A community reception will celebrate the local opening of “Understanding our Past, Shaping our Future” at the Chief Joyce Dugan Cultural Arts Center on Thursday, Nov. 14 from 3-5pm. The touring exhibit focuses on Cherokee language and culture, using sound recordings as the basis for presenting a coherent story in words and text.
Rather than translating from English into Cherokee, as is often done, much of the exhibit text was excerpted from conversations originally recorded in Cherokee. A Cherokee speakers group, organized in cooperation with the Cherokee Language Program at Western Carolina University, met weekly at the Kituwah Academy, the language emersion school. There, members were shown historic photographs and asked to comment on them. Their conversations were transcribed, translated, and included on the fifteen panels that make up the exhibit.
Re-recorded by language instructor Tom Belt, these conversations are archived in Hunter Library’s online collections at Western Carolina University. The exhibit panels use smart phone technology and QR codes that link to each conversation in the online archive. By hitting the on-screen play button, an exhibit visitor can listen to the Cherokee syllabary as it is spoken. The exhibit team favored a thematic approach rather than focusing strictly on history. Major themes include Cherokee Homeland, Heritage Sites, Tourism, Family, and Community Celebrations.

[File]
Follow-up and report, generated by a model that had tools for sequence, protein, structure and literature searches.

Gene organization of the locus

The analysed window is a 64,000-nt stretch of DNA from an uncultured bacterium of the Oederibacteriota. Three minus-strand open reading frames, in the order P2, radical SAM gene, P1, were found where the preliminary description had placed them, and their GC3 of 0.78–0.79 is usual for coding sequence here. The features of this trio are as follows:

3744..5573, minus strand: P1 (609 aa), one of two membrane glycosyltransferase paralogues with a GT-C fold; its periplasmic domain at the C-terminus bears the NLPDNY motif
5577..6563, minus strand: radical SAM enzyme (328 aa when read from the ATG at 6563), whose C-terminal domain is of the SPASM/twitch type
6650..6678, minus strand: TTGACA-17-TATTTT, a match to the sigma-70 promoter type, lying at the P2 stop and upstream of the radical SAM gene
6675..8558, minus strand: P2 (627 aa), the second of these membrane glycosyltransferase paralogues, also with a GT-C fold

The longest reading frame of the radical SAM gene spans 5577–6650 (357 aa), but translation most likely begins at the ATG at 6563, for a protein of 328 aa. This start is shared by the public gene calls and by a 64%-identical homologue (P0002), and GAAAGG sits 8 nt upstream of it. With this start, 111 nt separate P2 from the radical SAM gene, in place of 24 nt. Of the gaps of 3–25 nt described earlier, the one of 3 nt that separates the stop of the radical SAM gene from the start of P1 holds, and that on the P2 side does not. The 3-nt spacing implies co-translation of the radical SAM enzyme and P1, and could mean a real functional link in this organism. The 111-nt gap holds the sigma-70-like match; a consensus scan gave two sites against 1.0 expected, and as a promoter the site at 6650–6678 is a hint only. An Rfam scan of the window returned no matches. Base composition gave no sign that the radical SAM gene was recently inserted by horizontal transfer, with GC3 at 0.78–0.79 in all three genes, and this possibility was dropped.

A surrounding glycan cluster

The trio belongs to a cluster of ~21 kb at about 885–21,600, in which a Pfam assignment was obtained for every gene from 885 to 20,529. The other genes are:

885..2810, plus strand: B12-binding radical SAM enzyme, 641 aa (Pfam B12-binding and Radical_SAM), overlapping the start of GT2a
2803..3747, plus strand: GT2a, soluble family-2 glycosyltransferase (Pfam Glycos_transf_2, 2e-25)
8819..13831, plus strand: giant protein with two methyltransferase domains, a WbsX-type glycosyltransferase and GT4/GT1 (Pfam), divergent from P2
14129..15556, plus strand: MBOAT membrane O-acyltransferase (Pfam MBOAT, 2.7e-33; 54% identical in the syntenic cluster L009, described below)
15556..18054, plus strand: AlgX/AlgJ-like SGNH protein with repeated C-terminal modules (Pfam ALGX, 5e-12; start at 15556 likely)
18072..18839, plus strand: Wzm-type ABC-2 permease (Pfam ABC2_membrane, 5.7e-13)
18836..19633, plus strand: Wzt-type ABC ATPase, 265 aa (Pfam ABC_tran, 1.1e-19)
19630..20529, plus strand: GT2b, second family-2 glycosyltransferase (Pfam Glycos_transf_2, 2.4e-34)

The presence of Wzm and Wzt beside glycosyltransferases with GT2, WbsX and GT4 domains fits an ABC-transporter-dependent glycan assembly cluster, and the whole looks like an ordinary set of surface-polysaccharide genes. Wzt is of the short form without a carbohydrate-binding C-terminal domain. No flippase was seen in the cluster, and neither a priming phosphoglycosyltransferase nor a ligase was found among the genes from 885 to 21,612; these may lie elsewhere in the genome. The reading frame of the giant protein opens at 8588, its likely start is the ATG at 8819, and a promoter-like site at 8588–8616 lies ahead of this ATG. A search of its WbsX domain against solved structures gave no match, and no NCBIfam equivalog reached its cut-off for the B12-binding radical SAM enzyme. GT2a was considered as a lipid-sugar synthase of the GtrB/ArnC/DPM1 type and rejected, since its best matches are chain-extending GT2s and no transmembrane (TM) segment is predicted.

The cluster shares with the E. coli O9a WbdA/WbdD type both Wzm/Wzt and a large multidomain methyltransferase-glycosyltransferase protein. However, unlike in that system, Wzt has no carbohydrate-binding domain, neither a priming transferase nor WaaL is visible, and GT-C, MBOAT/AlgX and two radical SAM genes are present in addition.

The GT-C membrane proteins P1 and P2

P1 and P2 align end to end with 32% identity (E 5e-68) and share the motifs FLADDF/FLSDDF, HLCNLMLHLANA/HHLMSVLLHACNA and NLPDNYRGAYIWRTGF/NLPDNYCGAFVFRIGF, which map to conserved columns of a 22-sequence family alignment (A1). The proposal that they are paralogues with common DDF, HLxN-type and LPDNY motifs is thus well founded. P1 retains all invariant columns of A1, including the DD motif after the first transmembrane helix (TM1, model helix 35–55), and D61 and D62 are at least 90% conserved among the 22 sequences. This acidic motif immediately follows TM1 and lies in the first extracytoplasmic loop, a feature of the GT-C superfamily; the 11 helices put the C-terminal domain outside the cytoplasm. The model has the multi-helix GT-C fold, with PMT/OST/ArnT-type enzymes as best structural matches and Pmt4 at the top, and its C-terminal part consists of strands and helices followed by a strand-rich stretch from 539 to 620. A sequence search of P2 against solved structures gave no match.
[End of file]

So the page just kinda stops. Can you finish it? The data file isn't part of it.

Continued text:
Members of the speakers’ group include: Myrtle Johnson, Edwin George, Eli George, Marie Junaluska, Sallie Smoker, Nannie Taylor, and J.C. Wachacha. Others who worked on the exhibit include: Roseanna Belt, WCU Cherokee Center; Tom Belt, WCU Cherokee Language Program; Evelyn Conley, Indigenous Education Institute; Jeff Marley, Nantahala School for the Arts; and Yona Wade, Cherokee Central Schools. Western Carolina University professors Andrew Denson, Jane Eastman, and Hartwell Francis participated, as did Asheville evaluator Corrine Glesne. Anna Fariello was project director.
The community-based exhibit is sponsored by the Eastern Band of Cherokee Indians in partnership with Cherokee Central Schools, Southwestern Community College, and Western Carolina University. Funding was provided by the Institute of Museum and Library Services.
Slated to travel to ten sites in the region, the exhibit places cultural interpretation in locations frequented by the public. “Understanding our Past, Shaping our Future” will remain on view through Dec. 20.
– Anna Fariello